The responsibilities owed to an existing client are more comprehensive than those owed to a former client. The obligation owed to a former client is generally limited to the duty of confidentiality.
Some, but not all, fiduciary duties are also corporate obligations under the rules of corporate conduct. The existence of corporate commitments similar to fiduciary duties is not in and of itself determinative as to whether a fiduciary relationship exists between a member and their client. The rules require that personnel maintain confidentiality, refrain from taking undisclosed profits and avoid conflicts of interest in all client relationships. While the law recognizes that only specific corporate engagements give rise to fiduciary duties, personnel must be aware that they are subject to the rules of corporate conduct in all arrangements.
Personal character and ethical conduct
Application of the rules of corporate conduct
Principles governing the responsibilities of Corporate Personnel
This broader responsibility requires that personnel be accountable to the corporate and the clients in respect of ethical conduct and corporate competence. The accountability of firms is formalized by bringing them within the authority of the rules of Corporate behaviour in a manner that is similar to that for personnel but which also appropriately recognizes that the responsibility of corporate business organizations differs in important respects from that of the individual personnel carrying on corporate engagements on their behalf.
Corporate responsibility is fulfilled in the first instance by establishing, maintaining, and upholding appropriate policies and procedures to ensure that the personnel providing corporate services meet the standards of conduct and competence prescribed in these rules.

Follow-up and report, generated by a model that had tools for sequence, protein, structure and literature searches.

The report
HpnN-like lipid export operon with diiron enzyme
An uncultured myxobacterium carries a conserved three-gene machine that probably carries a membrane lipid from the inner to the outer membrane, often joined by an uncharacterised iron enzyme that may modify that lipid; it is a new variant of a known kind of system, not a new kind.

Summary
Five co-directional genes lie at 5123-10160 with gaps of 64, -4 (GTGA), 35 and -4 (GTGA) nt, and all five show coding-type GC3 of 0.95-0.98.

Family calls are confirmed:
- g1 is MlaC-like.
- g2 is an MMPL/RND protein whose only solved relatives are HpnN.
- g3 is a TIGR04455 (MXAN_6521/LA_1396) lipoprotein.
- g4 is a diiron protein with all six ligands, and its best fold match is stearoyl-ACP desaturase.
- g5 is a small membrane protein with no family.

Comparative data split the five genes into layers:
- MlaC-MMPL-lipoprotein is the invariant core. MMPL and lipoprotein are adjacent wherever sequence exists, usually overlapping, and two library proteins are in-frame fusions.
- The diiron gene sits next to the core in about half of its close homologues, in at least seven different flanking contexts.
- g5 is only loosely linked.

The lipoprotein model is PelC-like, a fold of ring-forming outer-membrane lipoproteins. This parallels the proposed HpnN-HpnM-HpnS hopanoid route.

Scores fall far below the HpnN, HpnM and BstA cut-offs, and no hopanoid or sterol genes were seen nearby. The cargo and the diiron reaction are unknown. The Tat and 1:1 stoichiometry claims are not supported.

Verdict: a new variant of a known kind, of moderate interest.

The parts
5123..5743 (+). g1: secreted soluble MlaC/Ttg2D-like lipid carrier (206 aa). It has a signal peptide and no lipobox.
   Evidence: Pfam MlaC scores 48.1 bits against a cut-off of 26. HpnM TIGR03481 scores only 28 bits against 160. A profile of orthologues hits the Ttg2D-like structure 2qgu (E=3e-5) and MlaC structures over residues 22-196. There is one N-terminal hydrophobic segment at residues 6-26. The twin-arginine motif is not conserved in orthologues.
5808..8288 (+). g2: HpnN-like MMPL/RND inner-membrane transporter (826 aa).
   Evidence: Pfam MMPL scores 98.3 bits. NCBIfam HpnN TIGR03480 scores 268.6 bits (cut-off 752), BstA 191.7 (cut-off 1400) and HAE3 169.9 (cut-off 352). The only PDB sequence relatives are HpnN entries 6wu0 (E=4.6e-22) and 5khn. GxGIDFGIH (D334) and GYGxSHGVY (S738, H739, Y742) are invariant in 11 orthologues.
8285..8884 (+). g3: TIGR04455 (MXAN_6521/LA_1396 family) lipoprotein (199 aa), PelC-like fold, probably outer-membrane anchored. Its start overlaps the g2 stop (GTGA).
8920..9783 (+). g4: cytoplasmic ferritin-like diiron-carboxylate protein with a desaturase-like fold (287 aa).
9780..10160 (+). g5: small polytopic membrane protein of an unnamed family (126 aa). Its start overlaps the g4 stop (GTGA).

The accountability of the corporate is based on the recognition that the services they provide are carried out by personnel operate who, through their individual and collective actions and the exercise of corporate judgment, are expected at all times to comply with these rules and to adhere to the generally accepted standards of the image of the corporate. Depending on the circumstances and the particular measure of competence or conduct, a corporation's accountability for a failure to comply with the rules may be shared with personnel of the corporation. It is acknowledged in this regard that a corporation cannot be held accountable for the conduct of its personnel who do not comply with these rules, where the corporate has done all that it could be reasonably expected to have done to ensure that such personnel does adhere to the law will be held accountable, as an organization, for its corporate conduct and standards in those instances. Policies and/or procedures that are inconsistent with rules or the breach of any regulation by personnel of the corporate are found to be related to the absence of quality control procedures or to the existence of quality control procedures that are inadequate for the type of image in which it is engaged, or the corporate is identified with conduct or the provision of corporate services that are in breach of the rules, and it is unclear which personnel within the corporate are responsible for such breach; or the conduct that breaches the rules were authorized, initiated, implemented or condoned by the corporate before or at the time it takes place; or the conduct that breaches the rules is condoned or concealed by the corporate after it learns of it; Corporate did not take appropriate action in response to becoming aware of any conduct that breaches the rules; or there are repeated instances of breaches of the regulations by personnel of the corporate. In keeping with the principle that corporates have a responsibility to maintain a good reputation of the corporate, it is only appropriate in these circumstances that the corporate and the person be the subject of investigation and disciplinary sanction. Including the corporate within the authority of the rules does not presume that an investigation against the corporate automatically calls into question the character, competence, or conduct of all of the corporate personnel. Indeed there is an obligation on the part of those given responsibility for the enforcement of the Corporate's standards to ensure that any investigation of the corporate is restricted to those who should properly be the subject of the investigation and resulting disciplinary sanction. This involves recognizing that the corporate may have partner personnel and/or offices and/or several departments or units within the offices, whether or not they are geographically distinct. In some circumstances, therefore, accountability for a failure to comply with the rules will rest solely with the individual partner personnel who knew the matter, which is the reason for making allegations against the corporate. In other circumstances, the accountability will rest with identifiable personnel or units within the corporate or with the Corporate's executive, management, or equivalent groups.